Albert Shanker was fed up. Mr. Shanker taught math at a junior high in in Astoria, Queens. He and his colleagues felt they were underpaid and not respected. The assistant principal of the school even spied on their classrooms with binoculars!
On this day in Labor History the year was 1954, marking the opening of the powerful labor film, “Salt of the Earth.”
“Salt of the Earth” told the story of striking Chicano miner members of the International Union of Mine, Mill and Smelter Workers Local 890 against the Empire Zinc mine in New Mexico.
On this day in Labor History the year was 1906. That was the day the world lost a great champion of woman’s and worker’s rights, Susan B. Anthony.
Born in 1820 in Massachusetts to a Quaker family, Susan B. Anthony is most well-known for her tireless campaign to secure the right to vote for women.
On this day in Labor History the year was 1941.
New Yorkers woke up to find a foot of snow blanketing their city. Nearly a million New Yorkers also discovered their usual routine was going to be disrupted.
At 5 a.m. the Transport Workers Union had walked off the job, calling a strike against the Fifth Avenue Coach and New York City Omnibus companies.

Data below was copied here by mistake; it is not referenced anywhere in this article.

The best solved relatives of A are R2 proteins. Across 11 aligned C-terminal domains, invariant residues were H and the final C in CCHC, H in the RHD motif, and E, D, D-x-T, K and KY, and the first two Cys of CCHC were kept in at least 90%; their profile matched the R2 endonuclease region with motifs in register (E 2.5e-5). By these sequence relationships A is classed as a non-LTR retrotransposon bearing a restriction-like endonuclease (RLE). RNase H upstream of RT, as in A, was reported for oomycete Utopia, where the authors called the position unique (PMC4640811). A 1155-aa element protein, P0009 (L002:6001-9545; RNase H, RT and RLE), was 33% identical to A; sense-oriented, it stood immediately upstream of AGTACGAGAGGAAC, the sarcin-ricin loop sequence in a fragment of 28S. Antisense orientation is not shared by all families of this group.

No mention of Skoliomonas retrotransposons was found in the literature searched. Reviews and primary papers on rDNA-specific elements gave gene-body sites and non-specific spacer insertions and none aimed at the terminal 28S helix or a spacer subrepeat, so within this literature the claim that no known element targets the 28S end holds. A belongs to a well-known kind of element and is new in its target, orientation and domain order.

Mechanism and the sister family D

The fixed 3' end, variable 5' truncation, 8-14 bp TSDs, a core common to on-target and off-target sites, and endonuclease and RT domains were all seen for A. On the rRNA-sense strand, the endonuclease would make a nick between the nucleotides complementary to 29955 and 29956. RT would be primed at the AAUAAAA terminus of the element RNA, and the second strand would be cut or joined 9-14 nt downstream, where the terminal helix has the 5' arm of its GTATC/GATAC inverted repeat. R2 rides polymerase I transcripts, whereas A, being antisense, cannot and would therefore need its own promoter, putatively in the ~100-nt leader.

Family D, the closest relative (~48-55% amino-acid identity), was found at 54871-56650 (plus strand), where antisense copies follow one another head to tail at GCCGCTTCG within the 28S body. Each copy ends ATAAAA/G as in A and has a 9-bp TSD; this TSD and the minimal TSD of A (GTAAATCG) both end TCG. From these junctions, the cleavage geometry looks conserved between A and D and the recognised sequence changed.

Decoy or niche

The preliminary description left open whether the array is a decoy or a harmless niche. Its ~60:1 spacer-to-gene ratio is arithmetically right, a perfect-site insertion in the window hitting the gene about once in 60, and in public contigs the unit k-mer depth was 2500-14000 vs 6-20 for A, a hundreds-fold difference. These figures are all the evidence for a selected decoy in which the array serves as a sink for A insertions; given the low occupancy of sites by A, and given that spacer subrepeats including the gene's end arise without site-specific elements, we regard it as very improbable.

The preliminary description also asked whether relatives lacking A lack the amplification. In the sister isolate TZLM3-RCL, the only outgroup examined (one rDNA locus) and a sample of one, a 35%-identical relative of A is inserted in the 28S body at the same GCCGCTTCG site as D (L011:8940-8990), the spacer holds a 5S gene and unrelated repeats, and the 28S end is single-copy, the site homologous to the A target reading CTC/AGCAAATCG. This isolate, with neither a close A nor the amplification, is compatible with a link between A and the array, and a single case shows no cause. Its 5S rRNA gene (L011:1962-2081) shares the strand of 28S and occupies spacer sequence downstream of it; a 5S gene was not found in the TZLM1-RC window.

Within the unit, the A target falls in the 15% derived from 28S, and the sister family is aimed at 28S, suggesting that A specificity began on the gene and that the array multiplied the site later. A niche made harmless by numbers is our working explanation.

You have likely heard the recent news stories about the proposed Keystone XL pipeline.
The national media continues to report as labor, energy groups, environmental and Native American activists all debate the proposed oil pipeline.
But did you know that on the day in Labor History, March 9, marked the beginning of another oil pipeline project?
You may know that March is Women’s History Month. But do you know why it takes place each March?
It all goes back to today in Labor History the year was 1857.
That was the day that hundreds of women working in New York City’s garment industry went on strike.
On this day in Labor History the year was 1932. Forever remembered as a tragic day.
The nation was in the grip of the Great Depression.
As the economy languished, car sales plummeted by 80 percent. Thousands in Detroit found themselves out of work. Breadlines in the city grew longer with each passing day.